There’s a lot to unpack in those two lines that isn’t necessarily obvious. For one, there’s no mention of the underlying services. Rather, a friendly name is used instead: “user-signin.” This is a common pattern among all Amplify services: the AWS technology that powers the feature is abstracted away from the developer. This is certainly great for the beginner, but more advanced users may be put off as they try to figure out how to perform advanced configurations.

The second command, referencing “push”, seems a bit strange. What are we pushing? As it turns out, when you run “awsmobile feature enable”, changes are only made to your local project – the aws-exports.js file. It’s only after you “push” that this file is synced to the AWS cloud, in effect enabling the feature on the backend. This makes sense once you understand how it works, but I initially assumed that enabling features from the CLI immediately enabled them on the backend.

This confusion led me to log into the AWS Mobile Hub, a section of the AWS console that allows you to view and configure the enabled backend features. I love the simplicity and clarity it provides:

mobilehub + backend

Once your backend feature is enabled, you can also use the AWS console for the related service to customize your backend, e.g., using Amazon Cognito for the User Sign-in feature.

After adding a couple more bits of Angular code to our app, authentication is available on the Home tab:

Todo Login

Now this is wicked cool! AWS Amplify provides several Angular UI components, including the full sign-in experience above. Adding a simple one-liner to this page, optionally styled with Ionic UI components, results in a ton of development time saved!

<amplify-authenticator framework="ionic"></amplify-authenticator>

The default UI looks pretty good out-of-the-box and is fully responsive. As briefly mentioned in the guide, you can change the look and feel of the UI rather easily.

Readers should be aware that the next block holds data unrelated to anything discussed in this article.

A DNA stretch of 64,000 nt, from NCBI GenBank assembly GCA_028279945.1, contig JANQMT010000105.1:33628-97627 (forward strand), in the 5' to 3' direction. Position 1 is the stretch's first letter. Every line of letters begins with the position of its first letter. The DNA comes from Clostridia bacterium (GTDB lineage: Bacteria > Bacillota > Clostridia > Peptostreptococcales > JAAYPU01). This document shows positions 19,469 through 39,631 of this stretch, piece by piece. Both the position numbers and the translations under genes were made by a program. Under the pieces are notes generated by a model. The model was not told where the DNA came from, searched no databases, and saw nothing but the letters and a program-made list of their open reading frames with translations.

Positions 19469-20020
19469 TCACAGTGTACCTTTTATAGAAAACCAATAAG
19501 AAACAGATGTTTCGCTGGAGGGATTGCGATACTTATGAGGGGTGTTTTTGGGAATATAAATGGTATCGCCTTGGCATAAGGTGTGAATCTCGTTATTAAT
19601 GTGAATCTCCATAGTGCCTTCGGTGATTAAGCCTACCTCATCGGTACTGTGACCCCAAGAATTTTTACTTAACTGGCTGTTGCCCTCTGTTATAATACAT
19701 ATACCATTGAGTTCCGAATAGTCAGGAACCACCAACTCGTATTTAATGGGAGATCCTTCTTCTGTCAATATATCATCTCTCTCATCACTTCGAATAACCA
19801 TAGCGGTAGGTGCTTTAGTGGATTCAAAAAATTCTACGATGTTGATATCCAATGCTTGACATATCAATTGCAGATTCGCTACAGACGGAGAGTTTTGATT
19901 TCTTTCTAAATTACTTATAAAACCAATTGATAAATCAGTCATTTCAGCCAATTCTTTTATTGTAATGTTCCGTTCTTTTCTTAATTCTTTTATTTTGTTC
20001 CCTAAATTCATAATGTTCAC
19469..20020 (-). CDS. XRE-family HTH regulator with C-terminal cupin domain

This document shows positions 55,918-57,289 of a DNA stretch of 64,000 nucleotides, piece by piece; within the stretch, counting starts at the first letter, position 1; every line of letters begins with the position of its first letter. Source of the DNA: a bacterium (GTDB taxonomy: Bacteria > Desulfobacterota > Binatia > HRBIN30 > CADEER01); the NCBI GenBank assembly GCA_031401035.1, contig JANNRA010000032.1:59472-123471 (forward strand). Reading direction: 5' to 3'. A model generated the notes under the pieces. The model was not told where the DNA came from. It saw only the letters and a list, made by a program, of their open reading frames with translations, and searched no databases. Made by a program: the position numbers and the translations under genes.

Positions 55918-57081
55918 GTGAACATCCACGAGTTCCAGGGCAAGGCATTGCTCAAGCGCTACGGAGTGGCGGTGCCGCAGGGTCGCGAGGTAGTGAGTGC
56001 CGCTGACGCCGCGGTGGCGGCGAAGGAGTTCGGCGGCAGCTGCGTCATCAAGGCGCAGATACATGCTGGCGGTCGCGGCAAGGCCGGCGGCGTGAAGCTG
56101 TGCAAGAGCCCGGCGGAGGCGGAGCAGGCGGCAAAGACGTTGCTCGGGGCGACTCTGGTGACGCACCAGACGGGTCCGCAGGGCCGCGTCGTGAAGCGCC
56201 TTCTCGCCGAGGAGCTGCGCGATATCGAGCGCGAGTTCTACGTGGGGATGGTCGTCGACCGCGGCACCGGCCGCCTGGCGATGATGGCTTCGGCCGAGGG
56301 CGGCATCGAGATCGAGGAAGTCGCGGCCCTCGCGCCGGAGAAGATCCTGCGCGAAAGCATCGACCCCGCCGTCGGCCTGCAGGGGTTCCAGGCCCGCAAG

Storing ToDo Items via Amazon DynamoDB

At this point in the guide, we’ve got a ToDo list that users must sign-in to access, but the items aren’t saved anywhere – they’ll disappear after the app is closed. As it turns out, storing them in a cloud database is easy enough. With just a handful of awsmobile CLI commands, a DynamoDB NoSQL database is created and available immediately.

We have a cloud database now, but we need to somehow add the ability to add, update, and remove todos from within our app. The next step in the guide is perhaps the most impressive:

AWS CRUD API

Automatic creation of a CRUD (create/read/update/delete) API for the ToDoItems database is a huge time saver. Behind the scenes, AWS hosts the backend API in AWS Lambda, their “serverless” service that runs code on-demand, without a provisioned server. Over in the Ionic 4 app, boilerplate JavaScript code is added to the project that exposes simple API endpoints. Here’s the Save method, for example:

save(list){    // Use AWS Amplify to save the list...    this.amplifyService.api().post('ToDoItemsCRUD', '/ToDoItems', {body: list})      .then((i) => {        // and to get the list after you save it.        this.getItems();      })      .catch((err) => {        console.log(`Error saving list: ${err}`);      });  }

With that final touch, the ToDo app is complete. Todo items are now saved in the cloud under each unique users’ account. Check out the full app experience:

Final Thoughts

AWS Amplify is a killer service that allows you to quickly add backend cloud features to your mobile app. Overall, I think it is a solid solution for Ionic developers looking to incorporate a cloud backend into their app. There are some improvements that could be made, mostly around providing better visibility into the costs of enabling each Amplify service.

If my experience piqued your interest, check out Amazon’s complete guide to building Ionic 4 apps with AWS Amplify. When you pair the Amplify backend with an Ionic starter app, you’ll have a working full stack solution in no time.

We 💙 great cloud backends at Ionic. We’re continuing to work with the AWS team to provide feedback on making the Ionic + AWS experience better.

What cloud features and integrations would you like to hear more about?

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It’s 2018 and making money online has become an easy task. With so many money-minting tools out there on the Internet and with the rightful application of them, people are able to kick in an extra few hundred dollars.